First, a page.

Employers Recognize Value of Physical Fitness

Article excerpt

Many corporations have become aware that a fit and healthy employee is a productive employee. Hence it makes good sense, as well as dollars, to show concern with the employees' physical fitness.

New corporate office buildings frequently are designed to include fitness centers, where employees can work out on machines, lift weights or ride stationary bicycles. Some even contain racquetball courts and jogging tracks.

The newest wrinkle in executive fitness is massage. Massage has been found to be important in stress reduction, because often tensions go straight to your muscles, especially in the back and shoulders. After a massage, employees are more relaxed, more positive in their outlook and more productive.

In some companies, massages have even become a fringe benefit, with the company paying for up to a specified number per week (usually two). Sessions last about 15 minutes, and the person being treated stays fully clothed.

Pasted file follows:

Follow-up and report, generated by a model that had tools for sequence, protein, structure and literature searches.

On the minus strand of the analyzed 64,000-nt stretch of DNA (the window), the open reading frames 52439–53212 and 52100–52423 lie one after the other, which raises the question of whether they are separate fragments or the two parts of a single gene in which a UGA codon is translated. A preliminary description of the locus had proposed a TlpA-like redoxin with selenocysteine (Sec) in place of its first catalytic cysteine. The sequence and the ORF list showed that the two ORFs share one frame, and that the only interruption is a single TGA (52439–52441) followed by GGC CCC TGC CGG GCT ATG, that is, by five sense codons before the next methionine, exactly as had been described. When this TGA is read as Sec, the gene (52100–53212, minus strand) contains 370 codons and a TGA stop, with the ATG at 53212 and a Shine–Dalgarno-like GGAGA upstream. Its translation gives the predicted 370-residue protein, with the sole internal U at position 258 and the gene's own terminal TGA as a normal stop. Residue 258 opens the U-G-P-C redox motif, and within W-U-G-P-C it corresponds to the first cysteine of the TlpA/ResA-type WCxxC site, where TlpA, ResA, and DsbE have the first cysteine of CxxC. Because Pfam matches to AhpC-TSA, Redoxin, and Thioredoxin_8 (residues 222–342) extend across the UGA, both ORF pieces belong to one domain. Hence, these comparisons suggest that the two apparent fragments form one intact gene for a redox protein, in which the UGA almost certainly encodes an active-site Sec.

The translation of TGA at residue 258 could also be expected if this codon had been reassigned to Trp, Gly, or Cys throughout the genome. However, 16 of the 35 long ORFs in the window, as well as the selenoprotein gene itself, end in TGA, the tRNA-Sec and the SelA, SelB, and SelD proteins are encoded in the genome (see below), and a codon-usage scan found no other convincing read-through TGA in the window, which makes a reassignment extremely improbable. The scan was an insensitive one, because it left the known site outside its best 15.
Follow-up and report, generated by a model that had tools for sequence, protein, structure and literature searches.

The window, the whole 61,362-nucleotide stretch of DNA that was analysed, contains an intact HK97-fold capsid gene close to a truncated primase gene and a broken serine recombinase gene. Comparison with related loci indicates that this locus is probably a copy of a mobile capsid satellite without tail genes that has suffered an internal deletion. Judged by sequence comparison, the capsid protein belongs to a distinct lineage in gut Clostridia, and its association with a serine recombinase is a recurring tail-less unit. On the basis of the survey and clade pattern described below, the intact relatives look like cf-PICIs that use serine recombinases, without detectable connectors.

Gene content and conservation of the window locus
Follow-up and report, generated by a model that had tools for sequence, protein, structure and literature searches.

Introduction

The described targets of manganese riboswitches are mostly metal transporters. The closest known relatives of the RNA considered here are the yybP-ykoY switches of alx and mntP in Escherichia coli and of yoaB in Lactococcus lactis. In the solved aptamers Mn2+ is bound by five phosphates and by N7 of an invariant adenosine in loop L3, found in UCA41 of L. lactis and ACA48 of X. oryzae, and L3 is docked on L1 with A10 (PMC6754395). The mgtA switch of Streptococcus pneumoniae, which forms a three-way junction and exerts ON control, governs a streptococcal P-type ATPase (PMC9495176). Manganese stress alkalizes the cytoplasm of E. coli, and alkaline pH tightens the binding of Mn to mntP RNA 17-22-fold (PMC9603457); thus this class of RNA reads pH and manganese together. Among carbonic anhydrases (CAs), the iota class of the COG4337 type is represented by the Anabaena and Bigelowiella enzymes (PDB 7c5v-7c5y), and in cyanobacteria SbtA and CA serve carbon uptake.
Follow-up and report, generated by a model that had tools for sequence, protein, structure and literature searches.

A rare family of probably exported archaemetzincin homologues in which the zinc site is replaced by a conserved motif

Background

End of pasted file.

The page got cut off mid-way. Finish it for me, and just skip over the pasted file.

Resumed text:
Massages provided as an employment benefit are still, however, the exception and not the rule. But in many localities, it is becoming more common for employees to pick up the phone and call for a therapist for a quick treatment.

At first, as may be imagined, the practice drew some raised eyebrows and not a few jokes. But those who laughed when the therapist came saw how beneficial the treatment was, grew a little jealous and later picked up the phone themselves.

The result is that some new companies have been formed to provide this service to corporate clients. A few have a stable of physical therapists in their employ, but the more common pattern is for the company to serve as a referral service. Therapists list themselves with the company, and when it gets a call, it transmits it to the therapist.

QUESTION: Our auditor has suggested that we have a cash management audit. In 21 years of operation, our plastic pipe manufacturing company never had one before. Is he simply trying to drum up business for himself, or is this something new that would really help us?

ANSWER: While not exactly new, the practice is just beginning to catch on. Fewer than 10 percent of U.S. firms have cash management procedures, yet those that have them have discovered that such audits detect inefficient procedures, reduce financial and legal risks, and cut costs. …